Prions are proteins that can fold in multiple, structurally distinct ways. These folds can be transferred to other prions, and this propagation results in diseases that act like bacterial infections. In addition to scrapie and CJD (a human disease that causes brain tissue to rapidly decay, leaving the brain with a sponge-like texture), prions are also suspected as the cause of bovine spongiform encephalopathy (BSE, a.k.a. “mad cow disease”). However, more and more research has been turning up other possible effects and uses of prion-like folding proteins. In fact, we’ve written about the topic before, discussing how plants might track time for flowering and other environment-dependent processes using prions.
One discovery in the realm of folding proteins came in 2016 from the Stowers Center for Medical Research in Kansas City. Their research was focused on studying memory formation in Drosophila fruit flies. The researchers were looking at the function of a protein called Orb2. They found that when male flies were given a drug to make Orb2 inactive, the flies became much worse at forming certain memories. The researchers tested the flies by measuring how long it took them to give up courtship of females after the females had expressed no interest in mating. The flies with Orb2 disabled were bad at remembering when they had been rejected, and continued courting long after they should have learned that their attempts were useless.
As the scientists looked deeper, they found another protein called JJJ2 that interacts with Orb2. JJJ2 allows Orb2 to change shape and fold the same way prions do. Folding allows Orb2 to aggregate, and it turns out that this aggregation can allow flies to learn faster. When the researchers increased the levels of JJJ2 in the flies, they found that the flies could learn that they had been rejected by females within 2 hours of courting. In flies with normal levels of JJJ2, it usually takes about 6 hours for the flies to give up on an unreceptive female. This new memory also showed evidence of lasting for several days. However, JJJ2 doesn’t make the flies more intelligent; it only accelerates the process of developing memories that would have formed eventually. Essentially, it lowers the threshold of experience required for memory formation.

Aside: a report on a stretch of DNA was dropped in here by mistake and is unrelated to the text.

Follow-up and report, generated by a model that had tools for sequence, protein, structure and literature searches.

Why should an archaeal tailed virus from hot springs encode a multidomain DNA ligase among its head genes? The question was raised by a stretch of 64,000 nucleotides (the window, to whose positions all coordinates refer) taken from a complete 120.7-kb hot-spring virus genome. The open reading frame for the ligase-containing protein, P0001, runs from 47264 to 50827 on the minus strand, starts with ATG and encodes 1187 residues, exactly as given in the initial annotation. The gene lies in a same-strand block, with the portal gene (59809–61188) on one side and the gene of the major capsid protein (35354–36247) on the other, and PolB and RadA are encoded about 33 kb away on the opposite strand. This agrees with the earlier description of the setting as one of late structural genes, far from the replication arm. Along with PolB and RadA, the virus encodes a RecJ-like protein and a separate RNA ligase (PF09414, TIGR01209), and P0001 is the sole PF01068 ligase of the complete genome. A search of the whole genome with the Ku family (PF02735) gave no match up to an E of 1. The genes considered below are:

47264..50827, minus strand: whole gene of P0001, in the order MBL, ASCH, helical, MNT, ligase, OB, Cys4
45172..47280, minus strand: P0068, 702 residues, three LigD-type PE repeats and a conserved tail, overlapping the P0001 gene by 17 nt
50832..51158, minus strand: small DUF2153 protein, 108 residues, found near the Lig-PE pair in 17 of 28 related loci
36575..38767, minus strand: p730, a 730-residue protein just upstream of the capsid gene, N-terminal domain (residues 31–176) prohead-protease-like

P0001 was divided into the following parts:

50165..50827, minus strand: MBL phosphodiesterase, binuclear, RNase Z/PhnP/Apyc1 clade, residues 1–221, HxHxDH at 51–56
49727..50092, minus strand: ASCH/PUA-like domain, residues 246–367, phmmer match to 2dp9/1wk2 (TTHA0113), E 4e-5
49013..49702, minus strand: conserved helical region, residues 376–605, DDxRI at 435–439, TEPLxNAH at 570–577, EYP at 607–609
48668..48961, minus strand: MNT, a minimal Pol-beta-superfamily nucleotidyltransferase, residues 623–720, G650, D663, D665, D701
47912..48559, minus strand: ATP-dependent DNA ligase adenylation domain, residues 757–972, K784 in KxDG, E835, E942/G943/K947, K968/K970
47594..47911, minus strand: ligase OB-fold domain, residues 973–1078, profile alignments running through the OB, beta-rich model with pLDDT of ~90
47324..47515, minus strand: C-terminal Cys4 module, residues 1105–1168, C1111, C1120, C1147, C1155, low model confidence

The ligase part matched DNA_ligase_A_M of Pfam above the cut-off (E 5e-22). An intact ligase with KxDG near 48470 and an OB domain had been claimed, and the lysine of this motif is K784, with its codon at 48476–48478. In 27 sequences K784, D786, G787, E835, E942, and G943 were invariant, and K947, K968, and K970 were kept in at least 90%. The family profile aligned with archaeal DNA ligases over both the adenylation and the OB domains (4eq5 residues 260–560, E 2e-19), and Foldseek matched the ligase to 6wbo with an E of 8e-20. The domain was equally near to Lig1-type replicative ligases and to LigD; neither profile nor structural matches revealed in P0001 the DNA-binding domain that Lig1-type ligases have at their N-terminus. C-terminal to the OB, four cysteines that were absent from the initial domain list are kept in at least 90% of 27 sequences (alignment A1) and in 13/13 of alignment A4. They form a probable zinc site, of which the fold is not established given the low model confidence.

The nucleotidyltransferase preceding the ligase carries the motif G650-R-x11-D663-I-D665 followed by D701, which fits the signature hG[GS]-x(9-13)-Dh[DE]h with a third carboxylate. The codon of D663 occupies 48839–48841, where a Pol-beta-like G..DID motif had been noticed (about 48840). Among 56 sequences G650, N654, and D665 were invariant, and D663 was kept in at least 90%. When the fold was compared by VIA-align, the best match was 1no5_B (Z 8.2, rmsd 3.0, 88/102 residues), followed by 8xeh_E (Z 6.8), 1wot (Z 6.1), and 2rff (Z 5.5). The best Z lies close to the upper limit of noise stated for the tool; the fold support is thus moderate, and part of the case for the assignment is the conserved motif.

Knowing that clumps of folded, prion-like Orb2 proteins can store long-lasting memories in flies, the question becomes how does this translate to humans. People possess a version of Orb2 called CPEB, so it is possible that the type of memory formation observed in flies may also occur in people as well. If we can develop a strong understanding of how the brain creates and recalls memories, we might be able to discover a key to restore that process in people with diseases like Alzheimer’s, where memory functionality is impaired. However, this study only looked at the behavior of one protein, specifically for interactions with long-term memory. It is likely that proteins involved in other biochemical processes behave similarly, contributing to things like immune cell memory (i.e. how immune cells “remember” biological threats). With additional study, it could turn out that protein accumulation is a fundamental way that memory works.
Powers Scientific has been helping advance insect research like this for over 30 years with our Drosophila and Small Insect Chambers that are designed for applications involving Drosophila melanogaster. Our chambers have a 15-60°C programmable temperature range, making them flexible for a multitude of applications beyond Drosophila research as well, including studies with mosquitos, sand flies or many other types of insects. A digital and programmable clock controls warm LED lighting on the Level 2 and 3 models for day/night control over lighting conditions in the chamber. The Level 3 chambers are controlled by thermoelectric (Peltier) coolers and come equipped with ultrasonic humidity generators capable of providing the relative humidity conditions insects enjoy.